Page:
His foot slipped from the stool it was resting on, and the sudden movement jolted him awake.  The goggles he wore were covered in a layer of dust, making midday appear to be dusk, and dusk seem to be night.  Of course, night also seemed to be night, so he wasn’t sure of the time right away.  He lifted one lens.  Definitely night.

Taking a rag to wipe off the goggles, he also turned a small knob on the side of his workbench.  The unmistakable hiss of gas began, and the lamp started to glow.  Checking the mechanical time piece that hung above the bench, he discovered it was still a few hours before dawn.  Enough time, but barely.  Equipment needed to be moved and then assembled.

The various gears and arms were already in the wagon, but the lenses still waited for his attention.  They were too fragile to pack ahead of time.  He wrapped them as carefully as he could and loaded them.  A few buttons pushed and levers turned, and the gears that pushed the wagon began to move.  It was loud, but smoother than the horse-drawn carriages that were so popular.  His nearest neighbors were far enough away that no one complained when he started it up.

He steered it up the hill about a mile from his house.  Here there were no trees to obscure the spectacle and inhibit his ability to collect the unique phlogiston particles.  It would be quite a feat, if he could get everything ready in time.  He had until midmorning.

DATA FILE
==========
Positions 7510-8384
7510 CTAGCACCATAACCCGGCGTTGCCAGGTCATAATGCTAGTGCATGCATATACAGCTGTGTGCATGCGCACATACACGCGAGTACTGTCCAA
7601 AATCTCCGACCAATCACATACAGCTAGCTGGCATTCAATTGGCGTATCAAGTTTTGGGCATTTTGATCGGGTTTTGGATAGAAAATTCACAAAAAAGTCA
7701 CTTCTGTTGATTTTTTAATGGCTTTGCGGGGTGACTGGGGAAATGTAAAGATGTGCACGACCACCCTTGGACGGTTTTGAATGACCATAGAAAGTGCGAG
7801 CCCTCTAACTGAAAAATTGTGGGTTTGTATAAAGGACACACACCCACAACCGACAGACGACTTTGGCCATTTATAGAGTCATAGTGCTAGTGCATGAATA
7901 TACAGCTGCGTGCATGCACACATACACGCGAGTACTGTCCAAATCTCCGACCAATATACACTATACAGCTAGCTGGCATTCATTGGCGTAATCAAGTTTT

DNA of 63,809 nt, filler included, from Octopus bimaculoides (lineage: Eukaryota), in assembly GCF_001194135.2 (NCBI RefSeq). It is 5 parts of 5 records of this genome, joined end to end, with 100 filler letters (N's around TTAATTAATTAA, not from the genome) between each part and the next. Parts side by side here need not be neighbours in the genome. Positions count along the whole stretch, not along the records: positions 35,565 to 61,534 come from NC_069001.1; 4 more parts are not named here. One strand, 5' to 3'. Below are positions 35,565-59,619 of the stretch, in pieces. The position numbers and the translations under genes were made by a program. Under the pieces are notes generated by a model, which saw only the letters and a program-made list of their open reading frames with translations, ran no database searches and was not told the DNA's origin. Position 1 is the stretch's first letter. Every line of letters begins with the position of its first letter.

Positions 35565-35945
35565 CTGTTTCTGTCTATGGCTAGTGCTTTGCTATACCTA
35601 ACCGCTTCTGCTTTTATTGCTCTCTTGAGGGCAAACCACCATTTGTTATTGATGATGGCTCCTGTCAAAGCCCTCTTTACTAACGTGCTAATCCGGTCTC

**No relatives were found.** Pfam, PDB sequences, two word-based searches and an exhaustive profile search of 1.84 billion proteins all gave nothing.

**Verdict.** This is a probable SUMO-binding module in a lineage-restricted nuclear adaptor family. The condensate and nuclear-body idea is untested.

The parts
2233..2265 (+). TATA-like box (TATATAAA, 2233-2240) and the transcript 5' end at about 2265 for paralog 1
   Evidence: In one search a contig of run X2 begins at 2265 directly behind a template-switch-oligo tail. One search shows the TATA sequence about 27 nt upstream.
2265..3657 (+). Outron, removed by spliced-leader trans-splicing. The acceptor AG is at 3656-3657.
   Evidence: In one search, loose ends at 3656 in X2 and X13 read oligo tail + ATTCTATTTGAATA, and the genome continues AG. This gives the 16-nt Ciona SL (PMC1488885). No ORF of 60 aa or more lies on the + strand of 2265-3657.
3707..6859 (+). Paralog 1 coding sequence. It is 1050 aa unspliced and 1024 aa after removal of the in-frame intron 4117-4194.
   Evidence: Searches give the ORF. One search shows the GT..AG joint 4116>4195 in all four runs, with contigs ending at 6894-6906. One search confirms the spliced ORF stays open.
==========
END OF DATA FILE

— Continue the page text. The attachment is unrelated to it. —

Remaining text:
As he worked to put his machine together, several children from the village gathered to watch.  Their parents had warned them to stay away from him, so their curiosity did not interfere.

The sun was well on its journey upwards when he slid the last lens into place.  It had gone much more smoothly than he could have hoped.  The moon was faintly visible as it headed towards its rendezvous.  He aligned the largest lens, the initial catcher as he thought of it.  The intermediate lenses were distributed around it, focusing elements into the smallest lenses which were attached to rather small tubes.  As the moon blocked the most powerful of the sun’s rays, the phlogiston particles from the edge of the sun should be able to get through where he could capture them.  That was the idea, anyway.  If this didn’t work, it might be years before he could try again.

As the moon’s disk slid across the sun, the machine sprang to life, focusing and refocusing lenses.  Slowly, the tubes began to fill with a brilliant yellow light.  The children gasped, and he could hear them whispering that he had made the sun disappear.  He paid them no mind.

When the eclipse ended, he quickly stored the tubes in a specially constructed box.  It had worked.  Despite his design, the heat within the tubes was evident, though they did not appear to be in danger of cracking.  He now had a power supply.  Next was building the machine it would drive.

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